by jsfox 2008-06-24 09:03AM | 0 recs
Re: I'm voting Obama, but McCain...

But whose brainchild is the Enron loophole you might ask?

http://money.cnn.com/2008/06/22/news/eco nomy/Obama_Oil.ap/index.htm?section=mone y_latest

by Dog Chains 2008-06-24 09:07AM | 0 recs
Re: I'm voting Obama, but McCain...

Funny how that works.

by jsfox 2008-06-24 09:17AM | 0 recs
Re: I'm voting Obama, but McCain is better on issu

McCain is certainly not better than Obama on the issues.

Taxes: McCain wants to extend the Bush tax breaks. The same tax breaks he once said went inordinately to the wealthy and would balloon the debt. What happened to the Straight Talker?

Energy: Obama - sensible proposals to move us towards a clean future and energy independence. McCain - pander, pander, pander.

FISA (fica? (sic)): We need to see how this plays out. For all the hype on this issue, Obama has not changed his stance. He's still against telco immunity. He should be, since encouraging breaking the law is not a good stance to take. What happened to the Law and Order party? They sure have changed their tune since Bush got in office. Think Libby.

Immigration: McCain and Obama are probably closer on this issue than any other, although McCain is running hard to the right in order to pander to his base.

Judicial appointments: McCain wants more justices like Roberts and Alito. He has stated this repeatedly. That's enough reason to vote against him right there.

Use of force: McCain is more hawkish than Bush and favors a more confrontational stance with Iran, Russia, and China. His actions would probably lead to a need for a reinstatement of the draft.

Foreign policy: Bomb, bomb, bomb Iran

Torture: McCain: It's ok as long as it's the CIA doing it. Obama: Torture is immoral.

Habeas Corpus: McCain: Worst decision ever. Obama: Right decision.

Roe v Wade: McCain wants to see it overturned. Obama: Full backing by Planned Parenthood and NARAL.

Do I really need to go on?

Now to see which trolls come out from under their bridges to defend McCain.

by MS01 Indie 2008-06-24 09:12AM | 0 recs
I emerge from under the bridge to say...

Your comment is completely inaccurate!

It's actually "Bomb bomb bomb, bomb bomb Iran", not "Bomb bomb bomb Iran".

Here, I can prove it (song is from 1980 from a group called Vince Vance & the Valiants, obviously YouTubeified with various recent images):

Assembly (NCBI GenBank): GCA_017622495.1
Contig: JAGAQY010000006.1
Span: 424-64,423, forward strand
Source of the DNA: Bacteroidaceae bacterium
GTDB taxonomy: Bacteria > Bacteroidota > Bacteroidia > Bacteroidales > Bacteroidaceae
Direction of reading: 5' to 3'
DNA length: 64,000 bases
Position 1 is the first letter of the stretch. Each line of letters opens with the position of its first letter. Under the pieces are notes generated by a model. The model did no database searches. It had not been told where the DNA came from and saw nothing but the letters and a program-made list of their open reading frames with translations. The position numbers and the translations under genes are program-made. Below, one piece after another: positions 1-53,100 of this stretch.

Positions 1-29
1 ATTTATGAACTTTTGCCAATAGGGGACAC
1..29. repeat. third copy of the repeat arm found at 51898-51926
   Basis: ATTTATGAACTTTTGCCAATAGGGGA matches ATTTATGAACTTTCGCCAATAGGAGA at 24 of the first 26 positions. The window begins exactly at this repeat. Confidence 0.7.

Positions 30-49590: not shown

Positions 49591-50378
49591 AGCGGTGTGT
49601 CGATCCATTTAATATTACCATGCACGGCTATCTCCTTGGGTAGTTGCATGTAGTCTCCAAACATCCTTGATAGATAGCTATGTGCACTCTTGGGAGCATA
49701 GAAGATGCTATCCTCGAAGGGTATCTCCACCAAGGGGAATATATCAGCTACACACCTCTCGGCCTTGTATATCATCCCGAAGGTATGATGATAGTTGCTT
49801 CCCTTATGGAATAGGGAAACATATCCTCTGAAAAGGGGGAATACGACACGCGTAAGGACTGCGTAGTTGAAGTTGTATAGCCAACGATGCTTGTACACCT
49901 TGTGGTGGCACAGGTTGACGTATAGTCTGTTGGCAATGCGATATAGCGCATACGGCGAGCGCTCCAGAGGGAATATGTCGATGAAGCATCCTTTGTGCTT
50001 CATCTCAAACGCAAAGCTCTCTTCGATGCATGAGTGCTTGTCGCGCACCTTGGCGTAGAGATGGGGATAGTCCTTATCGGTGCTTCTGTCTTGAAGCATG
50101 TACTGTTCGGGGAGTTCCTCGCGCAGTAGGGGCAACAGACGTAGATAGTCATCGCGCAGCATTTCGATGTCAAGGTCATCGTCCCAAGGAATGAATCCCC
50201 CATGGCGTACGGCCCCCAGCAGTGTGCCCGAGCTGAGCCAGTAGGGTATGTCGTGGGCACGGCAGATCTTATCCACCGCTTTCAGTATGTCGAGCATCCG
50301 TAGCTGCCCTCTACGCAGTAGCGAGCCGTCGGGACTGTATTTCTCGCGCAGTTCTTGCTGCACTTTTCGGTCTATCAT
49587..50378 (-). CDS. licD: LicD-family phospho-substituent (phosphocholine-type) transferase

by TCQuad 2008-06-24 10:00AM | 0 recs
Re: I'm voting Obama, but

I appreciate honest thoughts and analysis.  I'm not in a position to delve too deeply right now, but I hope to return to this later.

To those who dog the diarist for this one, I would ask that you stop.  Substantive policy discussion is healthy.

by Reaper0Bot0 2008-06-24 09:28AM | 0 recs
You don't understand the commodities market.

"McCain's plan for gas tax holiday, and drilling in the U.S. would knock the price down immediately because of speculation."

That's not how it works, sorry.

1) Speculation is all short term. Until those new operations (drilling in ANWR, which McCain still opposes or offshore drilling) actually start placing new supply in the market they will not impact pricing.

2) It ignores bottlenecks: Offshore drilling as it currently stands is only operating at about 70%.  The bottleneck is tankers. After that, the next step, the refineries, are currently running beyond their capacity.  Obama is committed to building more of these.

3) The gas tax holiday has some nasty side effects that do more damage than help.  First, you have to hedge your bets on those 18.4 cents actually being realized by the consumer and not padding anyone's profit margin (If you think this will happen I have a subprime mortgage to sell you..).  Then you have to assume demand won't increase as a result swallowing up most of that discount.  Finally you have to deal with the gigantic hole you have in the infrastructure budget and the number of jobs its going to cost the country.  What's the impact of 300,000 jobs all at once?  Pretty devastating.